Danish toy maker Lego has said its famous coloured building blocks were in high demand in most regions last year, helping its full-year revenue increase 6% to 37.9 billion kroner (£4.4 billion), the highest figure in the company's 85-year history.
The privately held group's net profit rose to 9.4 billion kroner (£1.1 billion) from 9.2 billion kroner.
Its British chief executive Bali Padda said he was "satisfied" with Lego's performance, adding that sales growth in the last six months of 2016 "was at more sustainable levels than previous years".
The toy maker was "encouraged" by sales in Europe, saw "strong potential" in China but sales were flat in US markets.
"We will continue to work closely with our retail partners to identify new opportunities to innovate, drive growth and engage children in this important market," said Mr Padda.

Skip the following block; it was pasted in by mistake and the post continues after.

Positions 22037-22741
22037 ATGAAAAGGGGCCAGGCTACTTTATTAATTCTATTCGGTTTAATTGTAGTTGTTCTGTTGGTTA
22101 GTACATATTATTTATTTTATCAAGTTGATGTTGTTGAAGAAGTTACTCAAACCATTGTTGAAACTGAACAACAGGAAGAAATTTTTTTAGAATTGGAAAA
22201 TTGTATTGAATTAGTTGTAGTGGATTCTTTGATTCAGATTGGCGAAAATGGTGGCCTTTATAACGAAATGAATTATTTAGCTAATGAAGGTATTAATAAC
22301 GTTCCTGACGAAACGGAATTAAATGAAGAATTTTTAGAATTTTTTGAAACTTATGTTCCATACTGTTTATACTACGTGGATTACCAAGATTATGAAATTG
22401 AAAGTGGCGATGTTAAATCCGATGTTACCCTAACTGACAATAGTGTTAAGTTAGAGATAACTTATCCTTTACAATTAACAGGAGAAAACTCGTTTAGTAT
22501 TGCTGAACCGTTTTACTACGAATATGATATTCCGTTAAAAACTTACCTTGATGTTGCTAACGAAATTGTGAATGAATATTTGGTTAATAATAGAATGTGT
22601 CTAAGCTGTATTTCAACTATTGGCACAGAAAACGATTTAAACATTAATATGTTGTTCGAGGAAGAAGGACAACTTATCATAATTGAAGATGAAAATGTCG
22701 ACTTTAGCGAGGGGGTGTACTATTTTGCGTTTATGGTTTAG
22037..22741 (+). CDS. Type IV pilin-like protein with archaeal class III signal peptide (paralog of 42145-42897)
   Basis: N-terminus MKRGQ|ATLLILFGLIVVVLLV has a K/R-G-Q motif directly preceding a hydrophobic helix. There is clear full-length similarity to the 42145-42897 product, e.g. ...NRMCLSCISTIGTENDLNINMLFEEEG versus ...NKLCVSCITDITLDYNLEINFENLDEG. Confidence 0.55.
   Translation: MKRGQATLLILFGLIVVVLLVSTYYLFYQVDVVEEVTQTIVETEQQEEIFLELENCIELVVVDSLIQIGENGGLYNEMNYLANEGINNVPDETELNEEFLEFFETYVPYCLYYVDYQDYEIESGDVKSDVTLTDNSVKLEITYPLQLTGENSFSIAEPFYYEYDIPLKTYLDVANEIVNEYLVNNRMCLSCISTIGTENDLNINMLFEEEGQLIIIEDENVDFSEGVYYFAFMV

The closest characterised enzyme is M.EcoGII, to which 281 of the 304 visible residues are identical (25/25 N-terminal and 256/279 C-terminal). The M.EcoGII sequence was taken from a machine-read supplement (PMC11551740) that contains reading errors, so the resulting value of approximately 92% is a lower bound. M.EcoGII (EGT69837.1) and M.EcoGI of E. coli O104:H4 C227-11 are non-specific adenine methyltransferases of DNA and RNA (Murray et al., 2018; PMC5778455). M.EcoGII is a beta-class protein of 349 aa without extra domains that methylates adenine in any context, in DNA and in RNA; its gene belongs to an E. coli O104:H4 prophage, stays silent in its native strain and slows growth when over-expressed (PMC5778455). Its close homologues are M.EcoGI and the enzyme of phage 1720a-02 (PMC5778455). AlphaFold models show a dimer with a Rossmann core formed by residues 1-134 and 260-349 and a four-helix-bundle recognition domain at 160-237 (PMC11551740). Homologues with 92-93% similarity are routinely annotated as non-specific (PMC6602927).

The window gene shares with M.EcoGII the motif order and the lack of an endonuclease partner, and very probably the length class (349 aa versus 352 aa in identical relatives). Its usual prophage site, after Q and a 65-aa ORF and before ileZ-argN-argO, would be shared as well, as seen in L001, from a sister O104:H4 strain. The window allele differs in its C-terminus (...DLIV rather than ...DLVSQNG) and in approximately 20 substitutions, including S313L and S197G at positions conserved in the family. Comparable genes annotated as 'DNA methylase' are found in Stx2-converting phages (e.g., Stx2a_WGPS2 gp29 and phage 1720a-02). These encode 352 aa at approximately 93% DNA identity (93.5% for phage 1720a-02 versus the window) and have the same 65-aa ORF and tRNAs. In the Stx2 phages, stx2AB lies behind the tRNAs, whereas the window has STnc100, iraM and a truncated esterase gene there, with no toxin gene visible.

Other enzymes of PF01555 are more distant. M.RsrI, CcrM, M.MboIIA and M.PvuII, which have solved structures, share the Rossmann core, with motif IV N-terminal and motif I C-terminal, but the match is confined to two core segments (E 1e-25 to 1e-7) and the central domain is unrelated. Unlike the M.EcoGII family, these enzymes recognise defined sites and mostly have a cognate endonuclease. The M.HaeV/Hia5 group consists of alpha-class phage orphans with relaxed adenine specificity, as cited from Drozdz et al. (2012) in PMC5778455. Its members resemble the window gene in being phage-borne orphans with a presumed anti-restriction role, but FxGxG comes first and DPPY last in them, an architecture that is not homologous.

Mr Padda took over on January 1 from Joergen Vig Knudstorp, Lego's chief executive for the previous 12 years.
The Dane, who in 2004 became the first non-family member to head the group, is credited with making the company profitable again.
Upon stepping down as chief executive, he became the head of a new Lego entity.
"Innovation is critical to our success and each year around 60% of our portfolio is new products," Mr Padda said.
The group said that, on the whole, about 75 billion Lego pieces were sold in 2016 in more than 140 countries.
The group, based in western Denmark, has more than 19,000 employees around the world.
It does not release quarterly figures.